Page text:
High Society Ad
Cerebus #86 (May 1986)DAVE SIM:
(from Al Nickerson's Creator's Bill Of Rights Blog, 23 April 2005)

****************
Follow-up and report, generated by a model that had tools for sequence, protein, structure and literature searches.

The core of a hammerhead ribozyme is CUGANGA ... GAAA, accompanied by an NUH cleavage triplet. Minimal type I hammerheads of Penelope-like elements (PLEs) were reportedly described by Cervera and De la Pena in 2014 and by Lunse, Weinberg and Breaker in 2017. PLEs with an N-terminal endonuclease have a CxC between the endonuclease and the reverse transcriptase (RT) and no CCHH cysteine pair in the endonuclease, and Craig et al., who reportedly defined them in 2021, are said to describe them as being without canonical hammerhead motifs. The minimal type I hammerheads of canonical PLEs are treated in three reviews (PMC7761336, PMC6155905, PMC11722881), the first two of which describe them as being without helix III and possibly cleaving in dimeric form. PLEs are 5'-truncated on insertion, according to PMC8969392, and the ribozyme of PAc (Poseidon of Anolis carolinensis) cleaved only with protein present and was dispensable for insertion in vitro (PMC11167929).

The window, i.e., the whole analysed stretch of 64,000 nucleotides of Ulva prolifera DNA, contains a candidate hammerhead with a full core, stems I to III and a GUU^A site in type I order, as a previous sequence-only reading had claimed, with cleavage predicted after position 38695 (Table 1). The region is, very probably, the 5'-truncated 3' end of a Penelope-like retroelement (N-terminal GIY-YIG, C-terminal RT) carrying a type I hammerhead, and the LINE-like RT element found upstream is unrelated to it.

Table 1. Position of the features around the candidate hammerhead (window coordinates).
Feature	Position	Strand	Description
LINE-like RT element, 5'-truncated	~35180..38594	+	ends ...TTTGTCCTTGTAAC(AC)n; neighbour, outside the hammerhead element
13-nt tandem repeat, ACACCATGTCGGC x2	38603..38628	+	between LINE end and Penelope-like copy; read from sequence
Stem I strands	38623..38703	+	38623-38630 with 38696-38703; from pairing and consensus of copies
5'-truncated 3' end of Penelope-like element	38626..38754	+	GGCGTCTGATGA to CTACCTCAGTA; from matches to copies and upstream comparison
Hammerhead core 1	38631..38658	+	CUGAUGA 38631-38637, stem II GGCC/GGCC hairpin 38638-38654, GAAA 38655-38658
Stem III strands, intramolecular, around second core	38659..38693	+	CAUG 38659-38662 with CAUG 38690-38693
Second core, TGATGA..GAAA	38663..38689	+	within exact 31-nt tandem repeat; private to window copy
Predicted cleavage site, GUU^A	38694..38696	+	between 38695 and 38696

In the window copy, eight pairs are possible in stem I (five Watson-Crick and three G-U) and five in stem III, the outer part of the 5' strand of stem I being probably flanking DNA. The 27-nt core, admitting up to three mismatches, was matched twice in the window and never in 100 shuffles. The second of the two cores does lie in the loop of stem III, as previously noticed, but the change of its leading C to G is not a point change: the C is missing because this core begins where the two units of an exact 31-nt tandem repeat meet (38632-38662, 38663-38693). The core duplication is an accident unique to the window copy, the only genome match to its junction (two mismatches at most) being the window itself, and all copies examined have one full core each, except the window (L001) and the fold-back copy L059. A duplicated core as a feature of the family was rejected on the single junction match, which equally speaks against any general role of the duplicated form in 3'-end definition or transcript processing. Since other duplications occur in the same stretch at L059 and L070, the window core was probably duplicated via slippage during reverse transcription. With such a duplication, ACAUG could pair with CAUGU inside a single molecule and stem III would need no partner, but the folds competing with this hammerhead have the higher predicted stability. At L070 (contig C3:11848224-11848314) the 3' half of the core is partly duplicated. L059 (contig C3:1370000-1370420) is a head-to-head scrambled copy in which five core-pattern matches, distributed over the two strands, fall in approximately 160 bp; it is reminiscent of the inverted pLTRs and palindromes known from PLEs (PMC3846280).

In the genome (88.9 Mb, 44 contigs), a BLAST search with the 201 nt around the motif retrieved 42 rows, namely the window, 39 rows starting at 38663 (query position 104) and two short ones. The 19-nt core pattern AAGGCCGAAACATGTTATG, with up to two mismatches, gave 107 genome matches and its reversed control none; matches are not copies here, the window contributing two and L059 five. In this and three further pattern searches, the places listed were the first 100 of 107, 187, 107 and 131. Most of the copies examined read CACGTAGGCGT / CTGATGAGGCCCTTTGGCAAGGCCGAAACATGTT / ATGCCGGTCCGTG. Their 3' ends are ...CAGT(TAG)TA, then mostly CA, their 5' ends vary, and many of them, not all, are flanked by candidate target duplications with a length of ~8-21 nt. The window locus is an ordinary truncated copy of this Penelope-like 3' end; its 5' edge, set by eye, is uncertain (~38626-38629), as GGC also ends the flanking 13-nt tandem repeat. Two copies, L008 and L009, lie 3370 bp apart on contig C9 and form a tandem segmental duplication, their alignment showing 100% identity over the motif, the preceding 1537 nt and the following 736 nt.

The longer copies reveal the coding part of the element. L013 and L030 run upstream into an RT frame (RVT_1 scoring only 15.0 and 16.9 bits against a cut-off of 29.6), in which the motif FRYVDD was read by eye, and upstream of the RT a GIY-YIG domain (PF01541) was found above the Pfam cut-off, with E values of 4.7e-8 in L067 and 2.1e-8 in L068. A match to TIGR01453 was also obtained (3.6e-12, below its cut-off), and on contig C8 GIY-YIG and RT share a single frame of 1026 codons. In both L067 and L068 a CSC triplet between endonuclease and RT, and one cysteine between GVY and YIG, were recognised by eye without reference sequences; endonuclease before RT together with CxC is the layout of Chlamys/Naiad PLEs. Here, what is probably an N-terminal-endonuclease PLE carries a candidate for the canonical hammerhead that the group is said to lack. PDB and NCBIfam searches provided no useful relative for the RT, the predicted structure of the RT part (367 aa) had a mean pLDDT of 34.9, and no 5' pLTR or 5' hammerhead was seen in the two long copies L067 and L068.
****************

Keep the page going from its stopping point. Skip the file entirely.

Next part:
...The first draft of the Creative Manifesto [the precursor to the Creators' Bill Of Rights] was a communal effort on the part of Kevin Eastman, Pete Laird, Steve Bissette, John Totelben, Michael Zulli and Stephen Murphy and myself -- with supplemental input from Alan Moore, Frank Miller, Dave Gibbons, Steven Grant and others -- in response to Diamond raising the possibility of not carrying the Puma Blues because I was selling the High Society trade direct to Cerebus readers and not offering it through the direct market. Essentially the Manifesto was an attempt to determine what rights and obligations each level of the direct market "food chain" had in dealing with each other. This was the first time that a creator who was also a publisher had had a serious contretemps in dealing with a distributor. As a publisher, it seemed to me that what I had found was a "more direct market" which allowed me to make enough money per book to pay the largest printing bill I had ever had to pay up to that time. It wasn’t that I hadn't offered the book to the direct market -- I had -- but the direct market had ordered a very small number of copies, too small to pay the printing bill. In effect what they were saying was: we want you to assume all of the debt and make the books available to us and we’ll order them as we need them. Since the stores had always, in my experience, under-ordered Cerebus, it was an open-ended question as to how long it was going to take to sell six thousand copies of a $25 comic book through them. There were no $25 comic books being sold at the time and, much like today, virtually all of the retailers’ attentions were taken up with Marvel and DC so I decided to offer the books direct to the Cerebus readers and, as a result, instead of coming up short on the printing bill, I turned a $100,000 profit. It was particularly bothersome at the time because the distributors and the stores were always telling me "it's just business" when they would cut their orders or demand a higher discount or register whatever other complaint they had and use whatever leverage they had to make me toe the line. But when the shoe was on the other foot, they presented it as a loyalty thing. I was being disloyal to the stores by selling direct to my own readers. Well, why was it disloyal for me to sell direct to my readers when it was "just business" when the distributors would cut their orders or insist on a higher discount or demand that we pay shipping or whatever else? To me, I had made a no-brainer of a business decision. Go into debt to print the trade paperback and then sit and wait for the stores to order them two or three at a time or sell all six thousand in a month or so and turn a $100,000 profit. Basically, the universal retailer position was -- or seemed to be -- that I was obligated to sell them everything that I published no matter how few copies they ordered. I basically pulled Kevin and Peter into the discussion -- the only other self-publishers who were in the category of being a significant profit centre for Diamond -- as a means of determining if that was a valid criticism and, if it wasn't, to have more than just my own voice opposing it because at that point it was "Dave against everyone and everyone against Dave". The Creative Manifesto attempted to draw lines between what a creator-publisher could do and what he should do. It was entirely legal for me to sell my book direct to the readers, the question was: was it ethical to do so? I was giving the retailer position the benefit of the doubt: they might be right that I was behaving unethically, in which case I was willing to revisit the question but only if some consensus could be achieved as to where my ethical obligations to the retailers began and ended. In my own view -- since this situation had never come up before and was likely to come up again for future self-publishers -- I couldn't just cave in because it would establish a precedent that in effect would say, "A creator-publisher must always do what the retailers want no matter how unsound it is from the self-publisher’s business standpoint." If that was the foundation of the retailer position then I would have to argue strenuously on behalf of all future creator-publishers to keep from having the retailers use me as the template. "Dave caved in and gave us the books, so that means you have to, too. It’s how the direct market does business." Kevin and Peter understood what I was talking about and also understood that they had a lot more to lose than I did if a precedent was established since they were just beginning to branch out into the real world. What if the retailers decided that they had to be offered everything with the Turtles on it on direct market terms or they would stop distributing the Turtles comic books? That much retailer control was unacceptable to me and to Kevin and Peter, but how much control should the retailers have and how much control should the distributors have and how much should we have? The issue was a dispute about how business was conducted between creator-publishers and distributors and retailers. It became complicated because we had to dissect the problem into its component parts in a way that was nearly Biblical: "In the beginning there is the Work…" and then to follow the Work from the point of creation through to the time that it’s purchased by a consumer. The fact that Steve Bissette, a DC freelancer, came into the discussion early on meant that we got distracted from what we were talking about and drawn into a much larger discussion. I was willing participate in the larger discussion as long as the larger discussion also addressed the question of the borderline between creating, publishing and distributing. When Scott showed up with his Bill of Rights it made the process a lot simpler from my standpoint. All I had to do was to get a right included that said "We have the right to control the means of distribution of our work." That got watered down to "We have the right to choose the means of distribution of our work" which was fine by me. That was the answer that I had been looking for when the process got started. I had the right to choose to sell the High Society trade paperback direct to my own readers. Kevin and Peter promptly published a hardcover of the complete Turtles and sold it direct to their readers, helping to reinforce the point -- we have the right to do this. Because Scott was and still is a freelancer who has no contact with the distribution side he never understood that there is a meeting place between the creative and distribution side of the comic-book field if you publish your own work and that a line had to be drawn in the sand to keep the retailers and distributors from establishing rules that said that "creator-publishers must always do what retailers and distributors tell them to do."...